Bonnie “Prince” Billy’s political surprises
Louisville’s own Will Oldham, the only constant in the musical presentation known as Bonnie “Prince” Billy, has been performing since before LEO was just an idea in John Yarmuth’s brain. His new album, Wolfroy Comes to Town, was released on Oct. 4. This special performance introduces a new series of cultural events at the Clifton Center.
LEO: What do you like about the Clifton Center and what they plan to do there?
Will Oldham: I played a show there in the ’90s, and I think I was in a play there in the ’80s, possibly. I like that it’s in the best neighborhood in Louisville. I like that it’s a solid room that sounds good. It’s usually nice to play in a room that was designed as a theater, so there’s an inherent acoustic quality to the room — as opposed to so many of the rooms we play, where music was just added as part of the business of the place. Or, people have relied upon the eventuality of a PA making something transmittable to the ears of the audience. It’s always a treat to be in a room where there’s a relationship between what’s going on audibly from the stage and how people are meant to receive it, with or without electricity. And the Clifton Center is one of those places.
LEO: Is that why you like to play so many unconventional venues, because the sound quality can vary so much from club to club?
WO: When we travel on the road, we never travel with a sound engineer. Many clubs have great sound engineers who know what they’re doing very well, who deal with such a wide variety of music every night that they know their room better than anybody we could bring. We don’t do effects, we create our own dynamic on the stage, so we don’t need somebody who knows our set, we need somebody who knows and likes music, and knows their room and is consistent. At the same time, the variety of acoustic scenarios that we come across in the course of a tour, at times, can be jarring. So it’s good to fall back on an exterior scenario, or theatrical scenario; sometimes there’s something nice about people sitting in assigned seats, like in the Clifton Center, and sometimes it’s nice when people have the freedom to position themselves how and where they like during the course of a show.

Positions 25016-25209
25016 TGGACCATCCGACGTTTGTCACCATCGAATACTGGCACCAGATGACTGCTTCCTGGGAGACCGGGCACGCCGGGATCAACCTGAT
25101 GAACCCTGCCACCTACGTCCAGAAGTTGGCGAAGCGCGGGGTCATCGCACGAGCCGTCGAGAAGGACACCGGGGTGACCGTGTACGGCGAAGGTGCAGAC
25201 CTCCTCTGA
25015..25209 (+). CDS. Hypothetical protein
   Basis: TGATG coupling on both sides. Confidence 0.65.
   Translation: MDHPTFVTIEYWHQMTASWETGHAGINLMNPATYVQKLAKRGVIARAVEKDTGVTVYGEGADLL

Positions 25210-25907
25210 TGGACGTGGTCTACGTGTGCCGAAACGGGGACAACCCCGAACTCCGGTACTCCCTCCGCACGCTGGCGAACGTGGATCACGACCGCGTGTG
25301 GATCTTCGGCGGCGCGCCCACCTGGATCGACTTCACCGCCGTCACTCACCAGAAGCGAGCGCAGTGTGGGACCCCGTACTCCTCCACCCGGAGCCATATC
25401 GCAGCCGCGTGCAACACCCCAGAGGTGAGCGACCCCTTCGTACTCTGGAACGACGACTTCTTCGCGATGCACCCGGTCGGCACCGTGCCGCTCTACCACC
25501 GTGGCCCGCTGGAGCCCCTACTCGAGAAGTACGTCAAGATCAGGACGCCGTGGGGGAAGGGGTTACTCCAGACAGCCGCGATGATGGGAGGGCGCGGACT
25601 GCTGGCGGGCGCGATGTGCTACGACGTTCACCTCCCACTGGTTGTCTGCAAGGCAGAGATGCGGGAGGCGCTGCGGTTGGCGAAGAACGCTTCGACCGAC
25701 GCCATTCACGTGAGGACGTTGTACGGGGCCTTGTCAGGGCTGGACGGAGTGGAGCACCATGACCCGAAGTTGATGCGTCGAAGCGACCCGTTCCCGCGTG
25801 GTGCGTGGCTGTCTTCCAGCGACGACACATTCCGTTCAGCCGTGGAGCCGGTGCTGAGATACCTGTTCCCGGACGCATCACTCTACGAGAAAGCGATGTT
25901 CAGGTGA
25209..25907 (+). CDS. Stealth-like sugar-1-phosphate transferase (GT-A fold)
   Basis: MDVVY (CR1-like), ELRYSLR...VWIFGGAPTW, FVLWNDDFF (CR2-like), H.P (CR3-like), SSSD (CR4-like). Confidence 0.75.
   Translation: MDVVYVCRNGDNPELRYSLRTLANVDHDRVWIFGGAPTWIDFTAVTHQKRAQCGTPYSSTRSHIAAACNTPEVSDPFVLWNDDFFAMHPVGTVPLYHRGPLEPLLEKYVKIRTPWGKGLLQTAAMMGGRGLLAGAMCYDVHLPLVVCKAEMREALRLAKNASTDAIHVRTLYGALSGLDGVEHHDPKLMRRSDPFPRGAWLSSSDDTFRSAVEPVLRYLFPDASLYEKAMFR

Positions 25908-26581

LEO: Who’s playing in your band on this tour?
WO: (Guitarist) Emmett Kelly, who is also the Cairo Gang, he’s based in Chicago. Angel Olsen, based in Chicago, who’s singing with us and also makes records under her own name. And Ben Boye, who’s based out of Chicago as well, is playing a variety of keyed instruments — harmoniums, Hammond Rhodes, pianos. From Louisville here, (drummer) Van Campbell, (bassist) Danny Kiely and myself.
LEO: Have you worked up any surprising cover songs for this tour?
WO: Now, if I told you that …
LEO: (laughs) I knew you were going to say that.
WO: Well, you asked the question, “Do you have any surprises?”
LEO: You could’ve said “yes” or “no.”
WO: Right. I have no idea what a surprise would be or wouldn’t be for anybody. So, what’s up with Mayor Fischer not talking about Bonnie “Prince” Billy?
LEO: (laughs) That’s a great question.
WO: Yeah, it is a great question! Now he’s moved on to the Sherman Minton Bridge thing and talking to Barack Obama — there are more important tasks at hand.
LEO: I don’t know. I think it’s a city law that you have to endorse My Morning Jacket.
WO: (laughs) Yeah, I think that’s true. Does that mean I’m breaking a law?
LEO: Would you ever run for office here?
WO: I don’t think my past and personal life would stand up to the scrutiny of a campaign. Not in this life.
LEO: Is there anything else you’d like to cover for this article?
WO: I figure that making something readable in hopes that advertising can still get sold at a premium is up to you. So, when you feel that you’ve got the material to jump off the page … I’m happy.
Bonnie “Prince” Billy with The Phantom Family Halo
Sunday, Oct. 9
2117 Payne St.
$16 adv., $18 DOS;